Southern Ginners Learn To Adapt

By Tommy Horton, Editor

Is it possible to find opportunity in the midst of difficult times? If you are a cotton ginner in the Mid- South, that is probably your mindset these days.

It certainly was the overriding theme at the Southern Cotton Ginners Association’s (SCGA) summer meeting at the Gaylord Opryland Hotel in Nashville in July.

“Once a ginner accepts the reality that we are in challenging times, he can move on to what he should do about it,” says Tim Price, SCGA executive vice president.

“Everybody wants to find a way to work through all of this.”

Tim Price
SCGA executive vice president Tim Price says ginners remain hopeful.

Outlook For Cotton
The main program included an impressive lineup of speakers, and the highlight was the final presentation from Anthony Tancredi of Louis Dreyfus Commodities in Memphis.

Not surprisingly, he focused on the cotton market in India and China and the future ramifications for the U.S. market.

Tancredi says the situation in those two countries encompasses the following factors:

  • China continues to unload part of its 50 million bale reserve but has probably only released about 10 percent of those stocks.
  • China realizes that it purchased too much cotton and is now concentrating more on polyester because of the low price of oil.
  • Ultimately, this will translate into lower cotton production in China.
  • India, meanwhile, has increased domestic cotton production and consumption and may not become as competitive in export markets.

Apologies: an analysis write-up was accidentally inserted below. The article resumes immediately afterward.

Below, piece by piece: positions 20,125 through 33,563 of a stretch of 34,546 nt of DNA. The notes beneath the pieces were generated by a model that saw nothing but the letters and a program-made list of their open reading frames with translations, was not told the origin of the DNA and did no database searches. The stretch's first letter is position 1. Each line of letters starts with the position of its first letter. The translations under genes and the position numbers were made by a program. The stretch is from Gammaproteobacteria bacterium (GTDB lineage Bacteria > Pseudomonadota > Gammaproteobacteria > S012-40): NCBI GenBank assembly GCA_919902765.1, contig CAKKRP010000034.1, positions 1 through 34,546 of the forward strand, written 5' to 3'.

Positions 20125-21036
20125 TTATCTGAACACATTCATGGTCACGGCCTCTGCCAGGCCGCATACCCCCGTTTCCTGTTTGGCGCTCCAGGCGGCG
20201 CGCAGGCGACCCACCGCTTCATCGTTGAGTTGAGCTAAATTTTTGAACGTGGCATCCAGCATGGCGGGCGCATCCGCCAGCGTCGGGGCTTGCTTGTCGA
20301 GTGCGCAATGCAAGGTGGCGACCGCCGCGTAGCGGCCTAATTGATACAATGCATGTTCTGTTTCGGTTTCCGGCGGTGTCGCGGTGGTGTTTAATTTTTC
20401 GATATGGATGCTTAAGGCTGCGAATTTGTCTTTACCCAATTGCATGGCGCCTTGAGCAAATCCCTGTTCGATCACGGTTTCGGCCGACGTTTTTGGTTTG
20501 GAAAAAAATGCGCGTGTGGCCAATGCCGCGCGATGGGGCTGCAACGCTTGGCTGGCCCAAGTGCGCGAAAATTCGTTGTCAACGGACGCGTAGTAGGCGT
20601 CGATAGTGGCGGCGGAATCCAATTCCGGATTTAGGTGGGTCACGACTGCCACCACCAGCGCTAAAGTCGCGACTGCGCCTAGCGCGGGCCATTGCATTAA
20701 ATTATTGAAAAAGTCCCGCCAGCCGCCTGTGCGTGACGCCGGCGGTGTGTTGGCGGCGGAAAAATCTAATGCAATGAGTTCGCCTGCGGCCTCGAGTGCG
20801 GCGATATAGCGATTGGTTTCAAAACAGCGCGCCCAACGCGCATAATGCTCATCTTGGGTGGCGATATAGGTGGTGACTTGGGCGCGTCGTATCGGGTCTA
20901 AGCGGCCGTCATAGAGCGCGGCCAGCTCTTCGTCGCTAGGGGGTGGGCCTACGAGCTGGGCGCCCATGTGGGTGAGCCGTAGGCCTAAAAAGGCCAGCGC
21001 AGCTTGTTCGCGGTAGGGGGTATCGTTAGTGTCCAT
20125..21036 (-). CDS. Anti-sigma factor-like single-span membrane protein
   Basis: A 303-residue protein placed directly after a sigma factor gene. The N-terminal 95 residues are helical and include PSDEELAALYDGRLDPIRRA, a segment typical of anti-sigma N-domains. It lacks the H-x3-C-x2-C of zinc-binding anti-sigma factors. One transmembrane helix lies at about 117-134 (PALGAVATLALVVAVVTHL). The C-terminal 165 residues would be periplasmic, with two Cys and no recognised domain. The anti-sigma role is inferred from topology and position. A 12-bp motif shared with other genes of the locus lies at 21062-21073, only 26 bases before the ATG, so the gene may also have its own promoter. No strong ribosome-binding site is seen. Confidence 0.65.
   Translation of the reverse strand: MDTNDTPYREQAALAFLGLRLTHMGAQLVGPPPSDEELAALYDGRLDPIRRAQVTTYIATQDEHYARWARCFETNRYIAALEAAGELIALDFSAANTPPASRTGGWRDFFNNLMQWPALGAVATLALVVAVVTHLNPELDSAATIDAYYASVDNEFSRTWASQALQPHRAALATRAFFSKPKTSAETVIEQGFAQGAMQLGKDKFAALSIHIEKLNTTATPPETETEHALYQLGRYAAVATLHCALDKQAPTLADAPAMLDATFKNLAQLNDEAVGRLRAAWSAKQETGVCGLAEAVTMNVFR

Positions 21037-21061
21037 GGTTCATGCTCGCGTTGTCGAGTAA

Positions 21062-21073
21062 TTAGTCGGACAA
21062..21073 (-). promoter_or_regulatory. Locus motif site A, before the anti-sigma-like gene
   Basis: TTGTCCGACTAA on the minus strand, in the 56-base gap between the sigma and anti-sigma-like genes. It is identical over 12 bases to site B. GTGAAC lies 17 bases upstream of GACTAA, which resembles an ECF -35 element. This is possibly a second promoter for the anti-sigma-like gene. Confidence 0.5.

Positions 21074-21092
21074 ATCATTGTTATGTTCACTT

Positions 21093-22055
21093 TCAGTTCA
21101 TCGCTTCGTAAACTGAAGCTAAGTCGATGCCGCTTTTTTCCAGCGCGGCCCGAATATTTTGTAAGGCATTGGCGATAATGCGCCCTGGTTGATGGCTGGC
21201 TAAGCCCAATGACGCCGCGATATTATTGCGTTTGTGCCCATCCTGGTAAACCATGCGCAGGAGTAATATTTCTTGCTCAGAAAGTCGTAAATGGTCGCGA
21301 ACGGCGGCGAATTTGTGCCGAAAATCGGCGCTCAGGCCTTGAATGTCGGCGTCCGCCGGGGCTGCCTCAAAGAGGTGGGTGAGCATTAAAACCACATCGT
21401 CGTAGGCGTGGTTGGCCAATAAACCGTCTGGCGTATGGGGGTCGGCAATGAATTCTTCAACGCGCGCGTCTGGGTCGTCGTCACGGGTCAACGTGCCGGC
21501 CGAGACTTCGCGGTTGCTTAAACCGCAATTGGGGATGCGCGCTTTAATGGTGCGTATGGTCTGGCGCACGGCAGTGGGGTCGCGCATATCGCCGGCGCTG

• India’s de-emphasis in the export market eventually may present new opportunities for U.S. cotton.
  • Ultimately, the United States must re-double its efforts to implement a plan to regain lost demand in the global cotton market. Other speakers touched on a variety of topics and included:
  • Harrison Ashley, executive vice president, National Cotton Ginners Association.
  • Bill Gillon, president and CEO, Cotton Board.
  • Rick Nelson, Agribusiness, Farm Credit Mid-America.
  • Tom Wedegartner, Director of Cottonseed Marketing, Cotton Incorporated.
  • Wes Morgan, manager, Rolling Hills Gin, New London, N.C.
  • Bobby Hardin, ag engineer, USDA-ARS. • Dave Albers, Monsanto/ Deltapine.

Fewer Acres
Price says all Mid- South ginners are aware of how cotton acreage has decreased in the last few years. The drop was particularly significant in 2015 because of low cotton prices.

For example, initial projections called for 176,000 cotton acres in Tennessee. But unexpected weather conditions, low cotton prices and competition from grain crops wound up lowering cotton acreage to 100,000.

“There’s no question that these are difficult situations, but our members are looking down the road,” Price says. “They are looking for ways to be more efficient. Most importantly, they are looking for ways to get past this situation. That proves to me that they are truly innovative.”

Contact Tommy Horton at (901) 767- 4020 or Contact Tim Price at (901) 947-3104.


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